Power passing from the entrepreneur to the technostructure in large corporations is not the only factor to take into consideration of a company’s viability.  The nature of the decision-making procedures of the organization need to be taken into account as well.  Kay argues that for the most effective and long-term results to obtain, decision-making is best carried out in indirect ways with attention being paid to high-level considerations, such as making the best airline, the best bread, &c.  In particular, if the bulk of a company’s efforts go into the bottom line and not into providing the best for the company and its customers, then the company isn’t acting either in its best interests or that of its customers or investors.  In fact, when a company does this, its profits decline and bankruptcy threatens.  This can happen even when power has passed from the entrepreneur to the technostructure.  Kay provides myriad examples to support his thesis that goals are best pursued indirectly.

When a company’s decision-procedures are directed to the well-being or welfare* of the company, its employees, and its customers, the company will also be doing the best for its investors in the long run as well.  In order for this to be achieved, the decision-making procedures must be indirect and thus not constrained by some sort of procedural straight-jacket.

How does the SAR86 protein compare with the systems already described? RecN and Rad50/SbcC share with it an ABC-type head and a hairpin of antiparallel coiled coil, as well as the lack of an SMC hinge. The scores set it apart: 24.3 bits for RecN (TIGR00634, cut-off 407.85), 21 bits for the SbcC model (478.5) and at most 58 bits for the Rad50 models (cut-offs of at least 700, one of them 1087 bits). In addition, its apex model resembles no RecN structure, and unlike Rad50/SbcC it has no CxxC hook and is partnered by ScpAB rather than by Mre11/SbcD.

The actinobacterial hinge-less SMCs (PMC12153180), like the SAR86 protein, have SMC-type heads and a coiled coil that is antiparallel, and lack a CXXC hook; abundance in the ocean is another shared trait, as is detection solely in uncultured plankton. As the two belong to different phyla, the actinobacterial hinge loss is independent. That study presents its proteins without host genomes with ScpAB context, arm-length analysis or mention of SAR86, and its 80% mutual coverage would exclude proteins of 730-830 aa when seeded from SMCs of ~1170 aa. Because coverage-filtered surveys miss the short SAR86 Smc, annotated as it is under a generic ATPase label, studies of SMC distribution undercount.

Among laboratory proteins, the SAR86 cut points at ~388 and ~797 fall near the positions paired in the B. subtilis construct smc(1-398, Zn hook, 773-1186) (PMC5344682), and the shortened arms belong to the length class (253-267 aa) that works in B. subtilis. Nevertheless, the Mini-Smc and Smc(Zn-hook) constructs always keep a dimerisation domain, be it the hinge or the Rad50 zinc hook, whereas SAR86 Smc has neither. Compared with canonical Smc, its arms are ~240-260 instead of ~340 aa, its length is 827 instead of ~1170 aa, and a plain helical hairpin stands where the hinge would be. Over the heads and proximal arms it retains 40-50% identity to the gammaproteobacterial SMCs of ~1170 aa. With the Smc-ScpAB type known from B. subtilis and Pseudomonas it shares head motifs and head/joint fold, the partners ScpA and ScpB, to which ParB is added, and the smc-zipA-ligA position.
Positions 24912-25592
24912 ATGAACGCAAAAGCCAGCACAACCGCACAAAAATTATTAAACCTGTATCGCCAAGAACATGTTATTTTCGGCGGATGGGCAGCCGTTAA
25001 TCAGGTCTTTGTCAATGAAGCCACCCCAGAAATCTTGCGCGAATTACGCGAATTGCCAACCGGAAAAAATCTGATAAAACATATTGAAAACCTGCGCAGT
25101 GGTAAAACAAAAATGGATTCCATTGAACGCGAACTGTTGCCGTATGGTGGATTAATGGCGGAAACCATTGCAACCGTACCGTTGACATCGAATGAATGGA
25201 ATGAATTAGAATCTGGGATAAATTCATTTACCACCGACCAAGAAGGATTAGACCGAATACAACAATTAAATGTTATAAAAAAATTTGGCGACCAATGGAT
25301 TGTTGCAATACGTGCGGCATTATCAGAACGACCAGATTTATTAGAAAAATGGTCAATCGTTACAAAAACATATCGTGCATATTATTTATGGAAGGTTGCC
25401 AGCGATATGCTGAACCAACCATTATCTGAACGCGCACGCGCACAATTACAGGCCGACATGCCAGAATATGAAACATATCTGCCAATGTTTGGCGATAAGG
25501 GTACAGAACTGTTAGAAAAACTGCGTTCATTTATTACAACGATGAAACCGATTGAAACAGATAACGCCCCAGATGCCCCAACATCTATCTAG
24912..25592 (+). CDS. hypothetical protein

As can be seen, neither condition by itself can account for the successful well-being of a company. If a company is sufficiently large and power hasn’t passed from the entrepreneur to the technostructure, company decisions will begin to deteriorate.  Similarly, if a company’s decision-making is not geared to its highest goals and implemented in an indirect manner (Kay shows how these fit together), company decision-making begins to deteriorate.  IN other words, if either one of these factors is absent, the company’s decision-making procedures are seriously faulty.  They are individually necessary to the success of the organization.